The promise of summer leads to such exciting possibilities, and we've seen quite a few of them on May's incoming lineup of Netflix titles. But with renewal comes departure, and as such there are a number of films that will be leaving the halls of your streaming library in the coming month. Of course,, we're here to help you prioritize which ones to watch before you get to the more obscure titles on the list. April's lineup may have seen some iconic departures, which you can always revisit to make sure you didn't miss anything, but the following titles leaving in May give those films a run for their money.
Bridget Jones's Diary
Don't let the preconceived notion of this Renee Zellweger romantic comedy's charms fool you, as there's something for everyone with Bridget Jones's Diary. At least, there is if you have an open mind. Sure, there's a fair amount of romance and the dramatics involved with the pursuit of true love, but Bridget herself is such a warm yet sharp character that the wit of this film helps turn the mushy stuff other films would limp by on into something with more solid laughs. That, and the combination of Hugh Grant and Colin Firth is one that should not be rejected lightly.
Field Of Dreams
Baseball season is already in full swing, with fans starting to talk up how this year is going to be their team's big run at the bigger show. Yet past all of the competitive talk, and the commentary on what's going right or wrong, the game sits squarely in the middle, just wanting to be respected. That said, Field of Dreams is one of the best films that respects the sport of baseball, showing it as a common thread in the lives of Kevin Costner's Iowa farmer, Ray Kinsella, his family, and the baseball players whose spirits show up in his cornfield baseball pitch. This is a legendary film that "makes men cry," but if you're a human with a pulse, that last scene's going to pitch a curveball into your tear duct.
When Martin Scorsese gets into a story he can really riff on, the product is a rambling narrative that flows as easily as Goodfellas does. Whether you're a newcomer or a returning fan, watching this movie always feels as fantastic as the first time you saw it. Keeping that in mind, you might want to get in on one last round of Henry Hill's true to life antics, as they're leaving your instant queue at some point in the next month. See it, or be prepared to go home and get your shinebox.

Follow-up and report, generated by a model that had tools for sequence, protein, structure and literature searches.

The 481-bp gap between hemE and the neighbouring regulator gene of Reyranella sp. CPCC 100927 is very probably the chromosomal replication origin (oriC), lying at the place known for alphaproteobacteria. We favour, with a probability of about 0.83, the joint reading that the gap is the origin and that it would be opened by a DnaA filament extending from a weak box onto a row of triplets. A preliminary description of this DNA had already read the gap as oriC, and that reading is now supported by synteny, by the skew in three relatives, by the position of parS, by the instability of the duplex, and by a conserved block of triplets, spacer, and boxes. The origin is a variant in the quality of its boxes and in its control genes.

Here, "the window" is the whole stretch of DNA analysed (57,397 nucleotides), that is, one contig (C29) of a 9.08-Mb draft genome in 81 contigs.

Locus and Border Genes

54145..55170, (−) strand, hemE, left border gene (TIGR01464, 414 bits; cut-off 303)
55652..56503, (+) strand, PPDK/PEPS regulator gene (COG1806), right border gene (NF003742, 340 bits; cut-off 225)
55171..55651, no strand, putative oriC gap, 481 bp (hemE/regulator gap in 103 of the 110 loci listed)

File this one under the "wrong timing" category as Ocean's Eleven is leaving Netflix in the month prior to the debut of Ocean's 8. Although, that very same filing could be turned around and made into a "perfect timing" call, as how better to motivate a person to experience George Clooney and his merry band of robbers? Almost two decades of heist films stand in the shadows of this slick reintroduction that was made between the world and exciting criminal capers. Yet for as many films that were inspired by Steven Soderbergh's Ocean's Trilogy, few can hold a candle to Ocean's Eleven successfully.
Video game movies are supposedly cursed, as they tend to be products that both undermine the original and produce horrific films as a result. That's not the case with Silent Hill, as this underrated adaptation of the best selling Konami franchise takes the source material, and turns it into a truly cinematic experience. Atmospheric horror rules every frame of this film, with a good mix of actual drama and emotion thrown in to ground the entire film in a way that most video game adaptations, and the source material, so rarely achieve. Also, a fun fact, this is one of those rare films Sean Bean gets to survive through!
The Exorcism of Emily Rose